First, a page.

Everyone has a special friend or family member with a wild case of wanderlust. Genevieve Shaw Brown of ABC News picked out her favorite UncommonGoods for the avid traveler. Visit her entire collection here.
Marketing team member Gaby (actually, that’s me) has some ideas that will really wow Pops this holiday.
For more gifts for your dad, visit Gaby’s entire collection.
Designer Amber Lewis picked out her favorite Bohemian home decor pieces and gifts for your holiday shopping. See her entire collection here.
Yuka of Inhabitat.com picked out her favorite eco-friendly gifts for the environmentalist on your shopping list this year. For her entire collection, click here.
Jaime of Design Milk picks her favorite gift ideas that celebrate modern design. Visit her entire collection here!
Heather has picked out some great items for your Secret Santa, and they’re all under $30!
For more Secret Santa gifts, visit Heather’s collection.
I hate waste. I’m really OCD about it. Disposable shopping bags, takeout containers, and water bottles really bug me. And yet, I do shop, eat on the go, and need H2O. Thus was born my quest for the perfect personal food transport equipment.
Our Flip & Tumble Reusable Shopping Bags are light and small and hold a lot. Sounds promising. Our BentGO Lunch Box is good looking. Most of its lunch-toting brethren are decidedly not. It’s also a good size, and except for the lids, microwaveable (for warming up, not cooking), and dishwasher safe. Also promising. Our Wine and Beverage Tote, with its tough canvas outer skin, seems a lot sturdier than fold-up plastic bottles I’ve used before.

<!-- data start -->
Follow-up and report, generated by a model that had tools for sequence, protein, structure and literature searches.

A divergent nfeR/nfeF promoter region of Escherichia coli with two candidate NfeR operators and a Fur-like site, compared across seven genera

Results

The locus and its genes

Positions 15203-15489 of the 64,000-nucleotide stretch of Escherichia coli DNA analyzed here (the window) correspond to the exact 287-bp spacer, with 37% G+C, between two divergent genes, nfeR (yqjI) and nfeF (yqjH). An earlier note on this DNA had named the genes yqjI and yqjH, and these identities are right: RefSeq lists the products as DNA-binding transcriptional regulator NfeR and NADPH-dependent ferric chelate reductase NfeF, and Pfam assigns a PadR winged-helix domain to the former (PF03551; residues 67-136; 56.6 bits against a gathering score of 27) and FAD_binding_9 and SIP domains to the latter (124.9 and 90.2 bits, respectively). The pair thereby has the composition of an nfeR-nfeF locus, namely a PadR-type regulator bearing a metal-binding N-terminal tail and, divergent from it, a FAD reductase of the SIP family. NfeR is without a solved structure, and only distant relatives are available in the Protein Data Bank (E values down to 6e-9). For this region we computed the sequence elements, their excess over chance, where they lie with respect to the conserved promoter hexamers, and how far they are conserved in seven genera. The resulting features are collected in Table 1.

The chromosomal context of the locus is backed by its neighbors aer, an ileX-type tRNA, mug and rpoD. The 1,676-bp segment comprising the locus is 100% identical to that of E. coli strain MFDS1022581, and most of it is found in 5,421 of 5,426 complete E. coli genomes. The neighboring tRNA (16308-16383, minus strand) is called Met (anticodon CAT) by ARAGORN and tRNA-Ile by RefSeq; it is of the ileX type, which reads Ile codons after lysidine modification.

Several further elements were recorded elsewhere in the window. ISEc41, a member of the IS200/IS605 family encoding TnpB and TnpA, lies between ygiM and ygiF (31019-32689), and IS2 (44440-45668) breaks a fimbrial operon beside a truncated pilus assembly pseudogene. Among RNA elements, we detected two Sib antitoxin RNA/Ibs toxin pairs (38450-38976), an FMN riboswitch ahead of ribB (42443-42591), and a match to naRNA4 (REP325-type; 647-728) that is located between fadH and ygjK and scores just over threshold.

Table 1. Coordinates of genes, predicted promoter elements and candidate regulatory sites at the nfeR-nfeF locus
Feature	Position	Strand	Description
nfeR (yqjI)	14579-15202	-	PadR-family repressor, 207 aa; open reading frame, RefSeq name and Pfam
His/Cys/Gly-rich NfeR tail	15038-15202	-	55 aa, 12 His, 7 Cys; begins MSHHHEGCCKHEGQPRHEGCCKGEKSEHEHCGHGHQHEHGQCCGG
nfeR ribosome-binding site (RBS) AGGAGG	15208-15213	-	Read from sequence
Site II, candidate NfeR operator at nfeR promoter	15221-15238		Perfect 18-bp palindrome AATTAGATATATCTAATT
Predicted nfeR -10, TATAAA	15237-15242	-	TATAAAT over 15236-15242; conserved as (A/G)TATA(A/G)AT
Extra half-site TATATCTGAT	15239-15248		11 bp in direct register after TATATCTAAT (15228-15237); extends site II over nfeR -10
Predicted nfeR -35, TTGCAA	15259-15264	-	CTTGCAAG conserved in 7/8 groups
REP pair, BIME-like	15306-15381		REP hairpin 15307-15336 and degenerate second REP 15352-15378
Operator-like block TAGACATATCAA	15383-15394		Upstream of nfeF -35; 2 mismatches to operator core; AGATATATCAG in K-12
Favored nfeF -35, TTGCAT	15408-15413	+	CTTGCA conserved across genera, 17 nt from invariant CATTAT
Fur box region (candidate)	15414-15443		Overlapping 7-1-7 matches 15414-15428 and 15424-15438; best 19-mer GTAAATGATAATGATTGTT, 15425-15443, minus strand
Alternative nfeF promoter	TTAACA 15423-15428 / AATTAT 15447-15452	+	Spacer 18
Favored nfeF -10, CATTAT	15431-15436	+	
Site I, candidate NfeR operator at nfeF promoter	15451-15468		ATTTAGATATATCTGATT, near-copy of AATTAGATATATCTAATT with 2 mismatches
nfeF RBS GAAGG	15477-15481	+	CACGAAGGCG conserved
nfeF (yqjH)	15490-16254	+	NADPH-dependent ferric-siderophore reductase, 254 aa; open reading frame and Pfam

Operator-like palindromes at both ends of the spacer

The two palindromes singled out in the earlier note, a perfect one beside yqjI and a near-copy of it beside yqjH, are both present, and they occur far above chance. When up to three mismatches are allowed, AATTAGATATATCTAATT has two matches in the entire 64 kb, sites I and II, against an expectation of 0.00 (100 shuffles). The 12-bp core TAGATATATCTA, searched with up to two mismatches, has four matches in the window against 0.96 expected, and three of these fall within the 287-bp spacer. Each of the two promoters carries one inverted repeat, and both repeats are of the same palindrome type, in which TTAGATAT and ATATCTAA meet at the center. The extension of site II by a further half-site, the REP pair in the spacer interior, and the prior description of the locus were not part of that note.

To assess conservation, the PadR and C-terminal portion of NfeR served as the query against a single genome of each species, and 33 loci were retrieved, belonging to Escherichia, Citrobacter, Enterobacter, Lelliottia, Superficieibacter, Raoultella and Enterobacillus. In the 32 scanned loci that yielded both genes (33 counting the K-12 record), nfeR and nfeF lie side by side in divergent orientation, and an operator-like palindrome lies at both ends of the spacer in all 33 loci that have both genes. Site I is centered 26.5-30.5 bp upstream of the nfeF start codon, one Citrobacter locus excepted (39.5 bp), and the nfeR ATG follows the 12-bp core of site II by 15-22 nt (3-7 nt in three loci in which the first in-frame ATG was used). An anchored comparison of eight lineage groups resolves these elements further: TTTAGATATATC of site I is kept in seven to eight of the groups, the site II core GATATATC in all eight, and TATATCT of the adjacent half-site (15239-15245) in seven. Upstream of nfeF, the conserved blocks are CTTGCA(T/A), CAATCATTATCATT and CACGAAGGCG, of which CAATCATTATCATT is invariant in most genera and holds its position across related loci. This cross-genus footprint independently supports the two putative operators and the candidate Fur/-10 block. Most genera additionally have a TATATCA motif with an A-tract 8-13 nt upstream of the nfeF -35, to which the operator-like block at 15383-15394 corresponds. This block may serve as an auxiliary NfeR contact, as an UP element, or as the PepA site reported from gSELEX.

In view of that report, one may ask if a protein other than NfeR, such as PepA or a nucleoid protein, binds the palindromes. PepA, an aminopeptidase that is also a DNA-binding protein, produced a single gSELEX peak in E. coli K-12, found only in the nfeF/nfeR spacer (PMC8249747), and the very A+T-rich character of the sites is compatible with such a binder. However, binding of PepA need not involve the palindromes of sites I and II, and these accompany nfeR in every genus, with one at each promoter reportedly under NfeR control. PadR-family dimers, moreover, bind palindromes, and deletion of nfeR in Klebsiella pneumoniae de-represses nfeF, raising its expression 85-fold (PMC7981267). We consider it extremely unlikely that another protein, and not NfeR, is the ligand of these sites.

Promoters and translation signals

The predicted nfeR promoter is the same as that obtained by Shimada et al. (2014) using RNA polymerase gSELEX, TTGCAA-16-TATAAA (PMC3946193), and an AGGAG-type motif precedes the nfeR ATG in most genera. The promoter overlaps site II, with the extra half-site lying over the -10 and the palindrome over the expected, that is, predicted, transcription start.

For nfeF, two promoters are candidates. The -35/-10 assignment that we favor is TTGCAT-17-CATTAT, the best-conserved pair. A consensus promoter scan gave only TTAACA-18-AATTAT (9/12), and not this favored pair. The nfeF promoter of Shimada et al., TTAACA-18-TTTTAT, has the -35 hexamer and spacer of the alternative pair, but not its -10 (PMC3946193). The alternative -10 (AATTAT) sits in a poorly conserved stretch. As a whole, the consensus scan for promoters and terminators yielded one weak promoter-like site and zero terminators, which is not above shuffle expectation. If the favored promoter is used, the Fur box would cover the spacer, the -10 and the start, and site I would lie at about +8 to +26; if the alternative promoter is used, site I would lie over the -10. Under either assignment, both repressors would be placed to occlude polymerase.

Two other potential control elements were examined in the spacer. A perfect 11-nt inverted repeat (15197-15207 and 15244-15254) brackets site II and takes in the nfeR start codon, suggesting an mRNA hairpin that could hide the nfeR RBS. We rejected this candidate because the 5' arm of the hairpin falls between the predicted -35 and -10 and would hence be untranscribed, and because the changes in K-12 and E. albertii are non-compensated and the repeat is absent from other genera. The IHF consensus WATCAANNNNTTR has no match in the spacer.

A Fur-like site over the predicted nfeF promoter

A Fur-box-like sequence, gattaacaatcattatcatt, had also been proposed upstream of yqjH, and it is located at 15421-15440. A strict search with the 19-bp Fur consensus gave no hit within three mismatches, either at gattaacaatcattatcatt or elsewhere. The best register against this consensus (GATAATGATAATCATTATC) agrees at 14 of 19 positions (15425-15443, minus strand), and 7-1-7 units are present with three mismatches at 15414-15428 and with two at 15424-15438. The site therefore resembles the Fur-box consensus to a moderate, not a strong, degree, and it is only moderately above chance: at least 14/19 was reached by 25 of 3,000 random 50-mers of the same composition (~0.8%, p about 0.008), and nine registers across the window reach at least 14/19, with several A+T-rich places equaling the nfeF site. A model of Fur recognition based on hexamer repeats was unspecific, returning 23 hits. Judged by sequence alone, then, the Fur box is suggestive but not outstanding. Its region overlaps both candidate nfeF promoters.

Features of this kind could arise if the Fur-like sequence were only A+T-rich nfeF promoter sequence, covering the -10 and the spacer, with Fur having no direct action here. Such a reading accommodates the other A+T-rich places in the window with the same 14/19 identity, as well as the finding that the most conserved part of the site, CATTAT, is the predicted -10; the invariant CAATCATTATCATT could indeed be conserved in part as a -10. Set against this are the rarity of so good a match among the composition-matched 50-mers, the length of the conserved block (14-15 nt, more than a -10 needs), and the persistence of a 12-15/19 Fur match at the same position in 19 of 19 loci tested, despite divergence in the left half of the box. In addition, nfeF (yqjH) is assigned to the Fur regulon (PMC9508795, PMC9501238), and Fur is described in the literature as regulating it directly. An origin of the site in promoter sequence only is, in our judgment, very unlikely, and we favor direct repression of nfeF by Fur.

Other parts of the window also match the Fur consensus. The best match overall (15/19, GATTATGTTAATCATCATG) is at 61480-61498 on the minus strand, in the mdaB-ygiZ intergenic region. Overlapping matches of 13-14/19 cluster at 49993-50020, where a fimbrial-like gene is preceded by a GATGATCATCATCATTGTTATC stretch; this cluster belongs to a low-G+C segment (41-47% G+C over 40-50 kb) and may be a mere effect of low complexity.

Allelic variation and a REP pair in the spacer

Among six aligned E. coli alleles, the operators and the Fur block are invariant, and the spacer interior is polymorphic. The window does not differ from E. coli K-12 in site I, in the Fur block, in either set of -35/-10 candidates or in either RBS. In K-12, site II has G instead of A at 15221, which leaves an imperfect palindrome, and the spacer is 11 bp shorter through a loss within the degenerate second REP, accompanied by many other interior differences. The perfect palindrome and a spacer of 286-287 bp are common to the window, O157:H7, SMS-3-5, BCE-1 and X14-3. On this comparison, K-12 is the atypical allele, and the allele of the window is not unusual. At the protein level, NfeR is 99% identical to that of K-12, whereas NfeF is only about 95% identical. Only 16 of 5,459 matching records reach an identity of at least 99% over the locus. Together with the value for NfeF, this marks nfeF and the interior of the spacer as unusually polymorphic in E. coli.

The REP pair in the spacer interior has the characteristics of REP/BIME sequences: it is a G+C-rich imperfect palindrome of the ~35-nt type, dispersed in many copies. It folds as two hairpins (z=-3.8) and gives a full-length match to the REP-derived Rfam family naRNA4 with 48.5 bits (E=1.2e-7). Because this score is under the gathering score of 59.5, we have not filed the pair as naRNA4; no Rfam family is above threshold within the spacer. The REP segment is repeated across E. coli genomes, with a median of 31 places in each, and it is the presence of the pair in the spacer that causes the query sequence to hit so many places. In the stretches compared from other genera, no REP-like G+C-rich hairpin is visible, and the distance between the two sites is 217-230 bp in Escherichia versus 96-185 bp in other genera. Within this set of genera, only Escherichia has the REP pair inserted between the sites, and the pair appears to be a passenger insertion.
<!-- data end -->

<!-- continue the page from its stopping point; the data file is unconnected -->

Step 1: Shopping.
This was mostly accomplished at the Park Slope Food Coop, of which I am an enthused member. A sustainability-minded organization since forever, the coop doesn’t give out shopping bags. Flip & Tumbles are perfect for shopping there. They weigh virtually nothing, open up in a jiffy (faster and easier than any shopping bag I’ve ever used), hold a lot, and are strong and sturdy. The even have a non-slip patch on the inside top of the shoulder strap.
Here’s how they look full of groceries.
Here are most of the ingredients, spread out. (The bags actually held a lot more than this.)
Step 2: Cooking.
I bought a spaetzle maker no less than 6 years ago, and until now, had never used it. Sound familiar, gadget lovers? I saw this recipe in the New York Times, and knew this was what would make spaetzle happen in my kitchen.
I put the sweet potatoes in a casserole dish and stuck them in the preheated 350 degree oven.
I then sliced the leeks and cabbage (separately) very thinly in the food processor. I melted a bunch of butter in a big frying pan and sauteed the leeks. But I forgot to take photos of all that, so you’ll have to use your imagination.